I am itching to move in to our apartment but will have to wait a few more days until Tim’s residency visa and Emirates ID come through. In the meantime I decide to spend a day in the Downtown area to see what the Old Town development is like on an average day and how I might fit in to my new environment. Is it even as nice as I remember it was?
Before I left the UK I started following a few interesting foodie places on Twitter so it’s a bonus to find that one of the ones I earmarked has a café outlet on site. Baker& Spice serves great coffee and all the fresh salads, breads and cakes look very inviting. Not as much fun without a friend to share it with though and they don’t sell those here.
I can see that I will have an opportunity to shop local, though. A Farmers’ Market outlet with lush green veg and tomatoes that look as if they might have some flavour has caught my eye. An eager customer is inside filling her basket and so I meet bubbly, friendly Monica, from Sardinia. No, she doesn’t live on this development but close enough to shop for food most days. When in Dubai, shop for food like an Italian. It’s not a bad philosophy.
I have a wander round the residential area– it’s quiet, green and relaxing, in the heart of the city, but somehow shielded from the hubbub. I shall have to take care I don’t spoil the peace by playing my favourite music.
Dubai Mall is within striking distance and the time has come to investigate the ‘centre of the world’s retail’ I am on mission to secure a hairdresser and Monica has recommended one of the salons on my hit list. Opposite Waitrose, she advises.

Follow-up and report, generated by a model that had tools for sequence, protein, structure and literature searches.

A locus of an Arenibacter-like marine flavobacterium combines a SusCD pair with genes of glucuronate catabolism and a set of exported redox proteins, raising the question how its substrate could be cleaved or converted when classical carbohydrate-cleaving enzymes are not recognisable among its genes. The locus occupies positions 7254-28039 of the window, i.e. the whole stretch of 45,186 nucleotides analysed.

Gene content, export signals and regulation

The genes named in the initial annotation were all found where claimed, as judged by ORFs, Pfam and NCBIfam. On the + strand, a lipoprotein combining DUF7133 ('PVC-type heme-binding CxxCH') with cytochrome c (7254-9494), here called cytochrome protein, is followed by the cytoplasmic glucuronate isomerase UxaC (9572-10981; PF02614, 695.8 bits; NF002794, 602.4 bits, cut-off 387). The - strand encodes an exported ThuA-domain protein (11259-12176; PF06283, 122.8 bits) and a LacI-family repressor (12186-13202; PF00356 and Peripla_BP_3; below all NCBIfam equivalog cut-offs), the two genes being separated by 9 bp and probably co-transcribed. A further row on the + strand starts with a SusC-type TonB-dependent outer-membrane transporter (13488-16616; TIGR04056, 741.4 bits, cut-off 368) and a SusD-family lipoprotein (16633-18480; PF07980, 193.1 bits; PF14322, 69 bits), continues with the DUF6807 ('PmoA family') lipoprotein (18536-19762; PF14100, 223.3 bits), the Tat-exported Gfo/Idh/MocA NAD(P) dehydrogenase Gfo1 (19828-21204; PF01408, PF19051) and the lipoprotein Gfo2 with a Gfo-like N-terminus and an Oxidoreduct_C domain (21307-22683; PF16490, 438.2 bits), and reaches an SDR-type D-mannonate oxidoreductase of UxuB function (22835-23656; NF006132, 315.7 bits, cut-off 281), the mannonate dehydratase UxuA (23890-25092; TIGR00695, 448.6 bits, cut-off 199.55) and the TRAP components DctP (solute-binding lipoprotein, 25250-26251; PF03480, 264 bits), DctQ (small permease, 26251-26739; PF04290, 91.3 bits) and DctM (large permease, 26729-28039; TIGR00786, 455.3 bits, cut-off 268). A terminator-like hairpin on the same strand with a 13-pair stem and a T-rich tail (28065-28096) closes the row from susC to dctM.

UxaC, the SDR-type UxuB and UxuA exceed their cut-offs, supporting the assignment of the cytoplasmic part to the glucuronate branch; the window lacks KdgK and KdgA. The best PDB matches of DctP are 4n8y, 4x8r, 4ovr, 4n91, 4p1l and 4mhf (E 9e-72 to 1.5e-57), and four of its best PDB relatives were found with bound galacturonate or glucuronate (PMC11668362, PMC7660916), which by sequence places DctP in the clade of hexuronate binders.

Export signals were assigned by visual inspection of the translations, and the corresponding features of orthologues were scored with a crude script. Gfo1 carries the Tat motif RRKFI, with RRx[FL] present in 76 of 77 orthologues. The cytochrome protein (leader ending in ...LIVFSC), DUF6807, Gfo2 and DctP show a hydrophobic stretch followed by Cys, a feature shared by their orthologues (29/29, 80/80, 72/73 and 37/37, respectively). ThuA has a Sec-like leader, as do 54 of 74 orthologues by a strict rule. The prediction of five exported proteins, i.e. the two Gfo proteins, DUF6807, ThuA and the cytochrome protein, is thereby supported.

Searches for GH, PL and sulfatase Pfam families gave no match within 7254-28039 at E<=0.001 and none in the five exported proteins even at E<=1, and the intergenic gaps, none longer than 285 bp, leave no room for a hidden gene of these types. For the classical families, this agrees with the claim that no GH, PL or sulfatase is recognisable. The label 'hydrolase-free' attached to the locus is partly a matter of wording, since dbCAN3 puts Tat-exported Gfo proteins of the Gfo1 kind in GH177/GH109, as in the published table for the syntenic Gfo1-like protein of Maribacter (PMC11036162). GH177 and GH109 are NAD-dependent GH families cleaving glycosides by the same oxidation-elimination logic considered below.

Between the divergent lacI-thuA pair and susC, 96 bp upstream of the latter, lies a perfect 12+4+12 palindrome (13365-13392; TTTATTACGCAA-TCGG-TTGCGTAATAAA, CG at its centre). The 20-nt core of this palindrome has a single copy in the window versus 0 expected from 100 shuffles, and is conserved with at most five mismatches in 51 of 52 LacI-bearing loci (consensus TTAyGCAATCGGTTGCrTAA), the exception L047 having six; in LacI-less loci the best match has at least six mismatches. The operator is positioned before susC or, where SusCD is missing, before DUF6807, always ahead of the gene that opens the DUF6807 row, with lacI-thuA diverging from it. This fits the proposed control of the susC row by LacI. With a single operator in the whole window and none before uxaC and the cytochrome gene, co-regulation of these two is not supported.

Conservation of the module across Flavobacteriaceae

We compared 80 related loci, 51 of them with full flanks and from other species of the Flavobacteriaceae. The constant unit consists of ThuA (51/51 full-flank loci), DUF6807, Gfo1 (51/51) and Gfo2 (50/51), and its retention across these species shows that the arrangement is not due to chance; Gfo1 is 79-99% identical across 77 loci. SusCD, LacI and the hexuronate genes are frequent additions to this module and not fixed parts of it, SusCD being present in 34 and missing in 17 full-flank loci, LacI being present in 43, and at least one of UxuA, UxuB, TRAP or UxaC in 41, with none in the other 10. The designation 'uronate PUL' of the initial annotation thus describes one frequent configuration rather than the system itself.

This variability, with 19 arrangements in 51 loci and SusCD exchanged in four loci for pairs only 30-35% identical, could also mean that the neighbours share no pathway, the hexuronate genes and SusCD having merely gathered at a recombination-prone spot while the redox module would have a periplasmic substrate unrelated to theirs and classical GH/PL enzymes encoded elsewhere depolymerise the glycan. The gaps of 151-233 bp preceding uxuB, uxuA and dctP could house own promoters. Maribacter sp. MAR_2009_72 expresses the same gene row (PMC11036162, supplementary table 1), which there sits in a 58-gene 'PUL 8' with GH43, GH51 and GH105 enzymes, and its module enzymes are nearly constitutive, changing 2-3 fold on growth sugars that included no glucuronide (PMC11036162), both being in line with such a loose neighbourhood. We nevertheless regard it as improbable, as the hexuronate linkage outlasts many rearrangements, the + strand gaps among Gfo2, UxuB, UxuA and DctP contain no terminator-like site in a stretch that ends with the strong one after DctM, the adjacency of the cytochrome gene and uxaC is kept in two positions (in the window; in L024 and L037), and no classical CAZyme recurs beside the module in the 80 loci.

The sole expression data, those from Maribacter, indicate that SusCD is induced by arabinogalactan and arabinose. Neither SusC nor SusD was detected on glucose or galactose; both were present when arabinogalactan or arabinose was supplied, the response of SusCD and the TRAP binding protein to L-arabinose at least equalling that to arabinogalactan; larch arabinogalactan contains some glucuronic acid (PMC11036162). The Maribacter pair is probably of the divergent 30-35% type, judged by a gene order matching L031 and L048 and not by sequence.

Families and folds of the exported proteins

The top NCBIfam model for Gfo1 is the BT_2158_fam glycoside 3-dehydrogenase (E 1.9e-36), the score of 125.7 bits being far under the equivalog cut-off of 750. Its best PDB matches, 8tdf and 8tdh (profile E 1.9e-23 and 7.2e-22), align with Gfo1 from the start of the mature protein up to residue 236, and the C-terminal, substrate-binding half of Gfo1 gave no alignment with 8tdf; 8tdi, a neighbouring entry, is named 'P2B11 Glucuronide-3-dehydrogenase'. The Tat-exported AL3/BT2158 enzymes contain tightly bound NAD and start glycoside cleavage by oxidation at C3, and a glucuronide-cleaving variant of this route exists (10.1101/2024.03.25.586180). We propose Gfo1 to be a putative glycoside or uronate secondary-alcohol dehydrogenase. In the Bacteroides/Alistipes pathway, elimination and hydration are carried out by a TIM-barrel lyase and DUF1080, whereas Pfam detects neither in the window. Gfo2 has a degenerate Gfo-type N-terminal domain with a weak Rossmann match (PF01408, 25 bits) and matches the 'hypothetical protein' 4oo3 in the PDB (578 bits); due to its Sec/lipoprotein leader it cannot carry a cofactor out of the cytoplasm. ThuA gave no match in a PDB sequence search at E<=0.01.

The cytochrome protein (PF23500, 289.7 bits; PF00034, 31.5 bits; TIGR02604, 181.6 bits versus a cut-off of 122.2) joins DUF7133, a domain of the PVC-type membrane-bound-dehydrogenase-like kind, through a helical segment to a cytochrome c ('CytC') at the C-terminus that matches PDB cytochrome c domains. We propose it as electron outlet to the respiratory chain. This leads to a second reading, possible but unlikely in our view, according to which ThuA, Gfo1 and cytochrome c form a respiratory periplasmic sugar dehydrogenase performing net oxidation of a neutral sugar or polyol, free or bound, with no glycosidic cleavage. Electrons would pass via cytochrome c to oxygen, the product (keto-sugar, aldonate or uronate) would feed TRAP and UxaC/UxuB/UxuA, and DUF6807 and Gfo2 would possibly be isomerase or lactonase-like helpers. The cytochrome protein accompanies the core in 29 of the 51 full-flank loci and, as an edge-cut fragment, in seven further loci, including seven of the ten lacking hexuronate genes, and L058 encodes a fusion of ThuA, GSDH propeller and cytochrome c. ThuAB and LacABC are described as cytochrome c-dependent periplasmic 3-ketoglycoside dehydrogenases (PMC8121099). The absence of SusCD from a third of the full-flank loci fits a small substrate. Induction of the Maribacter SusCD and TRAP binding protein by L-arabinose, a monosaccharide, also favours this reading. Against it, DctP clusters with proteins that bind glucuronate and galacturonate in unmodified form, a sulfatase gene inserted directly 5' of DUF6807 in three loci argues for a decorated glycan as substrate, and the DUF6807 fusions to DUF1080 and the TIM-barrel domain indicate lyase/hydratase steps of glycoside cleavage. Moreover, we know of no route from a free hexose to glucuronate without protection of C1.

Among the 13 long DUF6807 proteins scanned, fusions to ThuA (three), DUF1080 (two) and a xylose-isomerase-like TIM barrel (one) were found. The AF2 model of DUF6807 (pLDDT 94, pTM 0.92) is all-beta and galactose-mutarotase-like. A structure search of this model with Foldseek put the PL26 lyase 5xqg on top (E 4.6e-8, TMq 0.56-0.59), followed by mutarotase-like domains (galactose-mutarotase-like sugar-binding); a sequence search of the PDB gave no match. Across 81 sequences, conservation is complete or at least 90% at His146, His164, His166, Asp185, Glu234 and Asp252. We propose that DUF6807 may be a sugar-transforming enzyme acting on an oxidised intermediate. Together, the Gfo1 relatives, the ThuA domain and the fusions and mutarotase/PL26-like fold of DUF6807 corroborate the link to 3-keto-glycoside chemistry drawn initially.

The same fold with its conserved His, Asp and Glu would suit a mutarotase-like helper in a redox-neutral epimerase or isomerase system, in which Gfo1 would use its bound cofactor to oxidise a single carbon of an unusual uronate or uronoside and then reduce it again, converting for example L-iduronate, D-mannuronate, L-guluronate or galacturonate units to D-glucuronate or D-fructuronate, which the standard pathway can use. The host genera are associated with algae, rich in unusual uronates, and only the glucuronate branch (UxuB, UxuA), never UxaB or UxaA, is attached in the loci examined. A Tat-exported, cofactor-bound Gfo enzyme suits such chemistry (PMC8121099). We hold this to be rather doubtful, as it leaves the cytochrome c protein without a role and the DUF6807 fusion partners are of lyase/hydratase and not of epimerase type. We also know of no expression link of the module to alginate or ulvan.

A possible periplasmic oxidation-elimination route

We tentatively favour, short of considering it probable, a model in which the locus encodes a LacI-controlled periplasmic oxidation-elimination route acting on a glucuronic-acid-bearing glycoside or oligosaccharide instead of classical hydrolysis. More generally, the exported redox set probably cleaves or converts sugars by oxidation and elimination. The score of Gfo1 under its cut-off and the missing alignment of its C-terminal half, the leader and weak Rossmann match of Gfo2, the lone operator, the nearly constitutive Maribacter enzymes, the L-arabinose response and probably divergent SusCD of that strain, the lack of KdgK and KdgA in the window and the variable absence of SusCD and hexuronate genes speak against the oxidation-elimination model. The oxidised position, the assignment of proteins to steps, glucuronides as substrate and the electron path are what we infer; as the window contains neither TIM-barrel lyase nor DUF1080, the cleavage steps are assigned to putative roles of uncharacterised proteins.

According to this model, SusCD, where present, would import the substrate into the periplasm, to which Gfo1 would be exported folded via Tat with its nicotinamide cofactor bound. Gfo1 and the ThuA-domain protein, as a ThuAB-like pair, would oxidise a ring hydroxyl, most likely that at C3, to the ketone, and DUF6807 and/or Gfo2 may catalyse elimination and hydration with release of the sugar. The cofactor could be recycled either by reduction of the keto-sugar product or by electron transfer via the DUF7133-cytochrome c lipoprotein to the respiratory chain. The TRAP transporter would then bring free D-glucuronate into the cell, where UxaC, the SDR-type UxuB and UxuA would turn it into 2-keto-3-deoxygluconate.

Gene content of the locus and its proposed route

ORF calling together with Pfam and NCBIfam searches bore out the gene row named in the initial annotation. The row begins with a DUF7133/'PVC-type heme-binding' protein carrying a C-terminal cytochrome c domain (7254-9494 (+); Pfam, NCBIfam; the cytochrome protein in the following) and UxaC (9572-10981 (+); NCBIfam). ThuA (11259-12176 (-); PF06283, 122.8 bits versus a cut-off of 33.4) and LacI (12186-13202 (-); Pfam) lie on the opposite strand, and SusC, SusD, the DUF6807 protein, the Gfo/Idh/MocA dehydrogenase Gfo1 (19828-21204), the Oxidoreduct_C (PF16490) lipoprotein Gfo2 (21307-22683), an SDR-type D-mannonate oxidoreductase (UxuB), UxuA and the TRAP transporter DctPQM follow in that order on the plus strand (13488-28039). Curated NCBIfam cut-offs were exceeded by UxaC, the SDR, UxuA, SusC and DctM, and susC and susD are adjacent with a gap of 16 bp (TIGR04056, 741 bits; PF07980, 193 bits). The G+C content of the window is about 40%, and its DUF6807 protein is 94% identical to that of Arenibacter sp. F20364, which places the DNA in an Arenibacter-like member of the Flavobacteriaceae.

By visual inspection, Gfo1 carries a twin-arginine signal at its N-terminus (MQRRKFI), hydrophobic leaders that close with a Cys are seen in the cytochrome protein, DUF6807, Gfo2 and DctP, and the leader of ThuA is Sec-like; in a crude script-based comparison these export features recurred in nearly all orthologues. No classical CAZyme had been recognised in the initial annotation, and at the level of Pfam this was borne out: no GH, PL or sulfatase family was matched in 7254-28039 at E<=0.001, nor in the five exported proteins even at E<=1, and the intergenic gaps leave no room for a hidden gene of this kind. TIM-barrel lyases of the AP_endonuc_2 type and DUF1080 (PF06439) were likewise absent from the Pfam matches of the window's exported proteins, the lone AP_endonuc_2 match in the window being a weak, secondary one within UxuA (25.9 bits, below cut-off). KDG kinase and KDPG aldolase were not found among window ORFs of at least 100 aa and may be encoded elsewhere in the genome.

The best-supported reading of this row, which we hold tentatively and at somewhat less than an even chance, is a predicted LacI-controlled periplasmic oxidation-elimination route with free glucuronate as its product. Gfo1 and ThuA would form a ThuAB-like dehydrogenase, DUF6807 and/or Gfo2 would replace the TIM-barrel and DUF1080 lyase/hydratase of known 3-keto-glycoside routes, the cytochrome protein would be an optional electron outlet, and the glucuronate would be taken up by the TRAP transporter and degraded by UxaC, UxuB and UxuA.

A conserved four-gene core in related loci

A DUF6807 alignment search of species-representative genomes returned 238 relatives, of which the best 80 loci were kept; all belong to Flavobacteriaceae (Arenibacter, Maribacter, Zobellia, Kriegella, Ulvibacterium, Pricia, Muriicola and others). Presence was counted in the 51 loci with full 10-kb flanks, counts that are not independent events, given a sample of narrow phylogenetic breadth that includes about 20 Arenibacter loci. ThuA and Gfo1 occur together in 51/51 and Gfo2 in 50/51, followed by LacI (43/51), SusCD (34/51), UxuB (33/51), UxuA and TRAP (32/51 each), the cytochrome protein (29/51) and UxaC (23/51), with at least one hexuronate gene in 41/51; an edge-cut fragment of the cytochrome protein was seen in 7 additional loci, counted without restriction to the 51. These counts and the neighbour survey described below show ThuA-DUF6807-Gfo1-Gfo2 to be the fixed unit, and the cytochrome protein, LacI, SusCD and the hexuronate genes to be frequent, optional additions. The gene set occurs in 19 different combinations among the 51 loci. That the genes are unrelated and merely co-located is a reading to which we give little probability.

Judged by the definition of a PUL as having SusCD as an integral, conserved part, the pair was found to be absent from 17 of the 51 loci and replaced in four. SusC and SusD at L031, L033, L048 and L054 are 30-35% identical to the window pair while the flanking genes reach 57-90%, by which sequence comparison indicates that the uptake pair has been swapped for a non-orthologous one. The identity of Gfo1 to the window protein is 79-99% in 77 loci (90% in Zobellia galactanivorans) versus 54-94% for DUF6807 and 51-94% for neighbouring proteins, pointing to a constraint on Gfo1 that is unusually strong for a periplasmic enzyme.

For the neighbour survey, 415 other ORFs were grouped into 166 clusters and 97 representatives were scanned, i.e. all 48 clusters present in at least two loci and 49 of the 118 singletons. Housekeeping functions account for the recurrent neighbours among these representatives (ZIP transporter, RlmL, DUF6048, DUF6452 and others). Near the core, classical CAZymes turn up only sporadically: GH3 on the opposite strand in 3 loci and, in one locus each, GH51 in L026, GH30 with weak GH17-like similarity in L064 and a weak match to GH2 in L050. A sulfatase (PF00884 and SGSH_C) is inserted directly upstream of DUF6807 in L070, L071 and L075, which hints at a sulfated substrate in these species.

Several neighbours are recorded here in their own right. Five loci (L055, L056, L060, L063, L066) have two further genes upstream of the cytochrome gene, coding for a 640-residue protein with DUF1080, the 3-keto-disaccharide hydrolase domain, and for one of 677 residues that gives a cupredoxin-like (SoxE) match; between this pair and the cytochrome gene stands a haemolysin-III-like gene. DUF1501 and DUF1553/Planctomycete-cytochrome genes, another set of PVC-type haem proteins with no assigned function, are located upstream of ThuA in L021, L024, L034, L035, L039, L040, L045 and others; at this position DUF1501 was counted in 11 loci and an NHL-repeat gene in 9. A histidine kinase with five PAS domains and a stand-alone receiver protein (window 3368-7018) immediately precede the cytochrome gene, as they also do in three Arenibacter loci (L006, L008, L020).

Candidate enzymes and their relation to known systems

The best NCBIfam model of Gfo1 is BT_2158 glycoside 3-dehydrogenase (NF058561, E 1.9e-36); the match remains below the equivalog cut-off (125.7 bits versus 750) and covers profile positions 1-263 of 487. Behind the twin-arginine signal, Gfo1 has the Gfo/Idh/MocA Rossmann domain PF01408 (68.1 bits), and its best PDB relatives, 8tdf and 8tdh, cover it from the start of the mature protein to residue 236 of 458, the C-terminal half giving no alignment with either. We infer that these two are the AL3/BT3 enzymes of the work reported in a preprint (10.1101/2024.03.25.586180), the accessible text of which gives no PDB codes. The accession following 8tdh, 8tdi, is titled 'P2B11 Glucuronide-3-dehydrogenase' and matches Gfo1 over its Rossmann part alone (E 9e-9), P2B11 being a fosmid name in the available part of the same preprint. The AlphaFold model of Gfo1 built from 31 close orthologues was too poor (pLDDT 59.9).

Now there’s Waitrose and then there’s its much, posher cousin, Waitrose in Dubai. Pyramids of fruit perfection, polished and pimped greet the casual passer-by. No tired, green plastic display areas here and because of where we are, piggy products are housed in a restricted Pork Shop at the back. The entrance to it must have been modelled on Harrods food hall. I leave without a purchase. No rush. I will have two years to give them all the money I have for a pot of yoghurt.
Shoes – that’s what I am investigating. Where to start? The Shoe District. Christian Louboutin, Dolce & Gabbana, Chanel, Valentino, Gucci, Louis Vuitton. I could go on but you get the picture. There are a few American and European brands that are less familiar but equally top dollar. There are some beauties here but none my feet would appreciate, never mind my wallet. I look round much as I would an art gallery. This is interesting but now I would like to see some shoes that real people, take home and wear. A department store is surely the place.
I ask an assistant in Bloomingdales about where to find ‘ordinary fashion shoes’. I suppose I mean ‘high street’ but fear that term could be confusing. Two big, beautiful brown eyes widen with incomprehension and just a trace of pity. She directs me to The Souk, an area of the Mall where local traders sell clothing items, gold and jewellery. Eventually I come across a Nine West store, about the lowest down the shoe chain I can find on this first visit to Dubai Mall. I nearly purchase but hold back. Now my feet are swollen I could be making a mistake. Nothing for it, I shall have to return. The search for Ruth’s shoes continues.
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